“Catholic, mission-driven, promoter of equality, french fry connoisseur with a calm yet rambunctious spirit.”
Hometown: Lagos, Nigeria
Fun Fact About Yourself: In my senior year of college, I joined a TOMS worldwide competition to participate in a giving trip to one of their partner countries. I pretty much put school on hold to focus on my “campaign.” I took it very seriously. Long story short, I passed my classes AND was one of the top 50 who won the “Ticket to Give.” I got to go on a giving trip in Peru with TOMS smack in the middle of my penultimate semester at Villanova.
Undergraduate School and Major: Villanova University, Accounting & International Business
Most Recent Employer and Job Title: African Leadership College, Mauritius; Student Affairs Associate
What aspect of the school’s culture or values resonates most with you and why? I knew very early on that I wanted a program offering more than the strategy and analytics classes, accomplished professors, and high internship and full-time placement rates. It was important to me that I attend a mission-driven school, or at least have a social impact concentration or major. Tuck’s mission to “develop wise, decisive leaders who better the world through business” resonates deeply with me and was ultimately the reason why I applied and decided to attend Tuck.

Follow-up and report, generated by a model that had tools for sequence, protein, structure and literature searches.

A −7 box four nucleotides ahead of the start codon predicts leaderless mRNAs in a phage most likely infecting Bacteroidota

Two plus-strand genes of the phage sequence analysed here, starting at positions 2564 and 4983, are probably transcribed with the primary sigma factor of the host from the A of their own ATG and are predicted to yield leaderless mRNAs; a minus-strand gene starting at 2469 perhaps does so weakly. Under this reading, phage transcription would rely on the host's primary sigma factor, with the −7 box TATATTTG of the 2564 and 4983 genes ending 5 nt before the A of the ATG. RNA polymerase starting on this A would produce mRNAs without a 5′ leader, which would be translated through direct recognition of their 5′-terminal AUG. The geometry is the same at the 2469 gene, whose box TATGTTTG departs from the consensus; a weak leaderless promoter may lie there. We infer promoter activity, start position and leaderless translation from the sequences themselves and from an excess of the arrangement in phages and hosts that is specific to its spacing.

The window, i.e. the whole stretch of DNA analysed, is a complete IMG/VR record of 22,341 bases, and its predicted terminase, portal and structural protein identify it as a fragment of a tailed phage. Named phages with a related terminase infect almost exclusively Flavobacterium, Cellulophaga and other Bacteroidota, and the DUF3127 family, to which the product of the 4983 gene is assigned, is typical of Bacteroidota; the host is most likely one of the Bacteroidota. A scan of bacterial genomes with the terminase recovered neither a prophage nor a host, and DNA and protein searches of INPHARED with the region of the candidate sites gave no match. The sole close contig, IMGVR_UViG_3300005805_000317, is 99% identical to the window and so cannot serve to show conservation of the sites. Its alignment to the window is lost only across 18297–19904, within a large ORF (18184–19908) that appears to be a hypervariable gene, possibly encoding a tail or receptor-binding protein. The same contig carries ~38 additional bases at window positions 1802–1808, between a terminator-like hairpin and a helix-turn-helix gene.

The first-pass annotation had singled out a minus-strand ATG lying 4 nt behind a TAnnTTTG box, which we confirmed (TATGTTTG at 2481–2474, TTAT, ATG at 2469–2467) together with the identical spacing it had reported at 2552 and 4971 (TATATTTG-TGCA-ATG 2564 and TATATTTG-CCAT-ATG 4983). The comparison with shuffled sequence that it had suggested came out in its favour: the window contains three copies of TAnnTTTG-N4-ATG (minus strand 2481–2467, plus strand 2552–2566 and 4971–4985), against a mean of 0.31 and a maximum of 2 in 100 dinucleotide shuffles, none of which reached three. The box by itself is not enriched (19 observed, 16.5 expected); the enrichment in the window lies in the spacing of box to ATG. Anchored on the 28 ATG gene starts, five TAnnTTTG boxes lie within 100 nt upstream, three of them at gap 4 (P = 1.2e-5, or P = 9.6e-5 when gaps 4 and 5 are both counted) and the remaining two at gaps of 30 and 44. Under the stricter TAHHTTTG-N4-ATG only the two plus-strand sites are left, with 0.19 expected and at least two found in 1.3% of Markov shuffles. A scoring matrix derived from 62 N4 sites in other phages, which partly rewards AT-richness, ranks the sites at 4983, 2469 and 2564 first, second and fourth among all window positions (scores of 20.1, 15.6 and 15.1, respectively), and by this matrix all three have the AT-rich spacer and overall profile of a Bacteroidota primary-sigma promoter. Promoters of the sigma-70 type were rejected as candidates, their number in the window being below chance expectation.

Aside from your classmates and culture, what was the key part of the school’s MBA programming that led you to choose this business school, and why was it so important to you? I initially didn’t want to apply to Tuck because I felt it was exactly the type of program (small class and intimate community, mission-driven, etc.) everyone would expect me to join. I can be stubborn. I felt that I should make bolder and unexpected decisions with this application process and attempt to step out of my comfort zone with other programs. However, for some reason, Tuck kept coming up in conversations with close friends. The more I looked into Tuck, the sillier I felt for not applying. I do not understand why I tried to run away from what seems so perfect for me. Another key part for me was the opportunity to further explore my interests in education through the term exchange program, spending a semester at Columbia Law School’s Center for Public Research, and Leadership.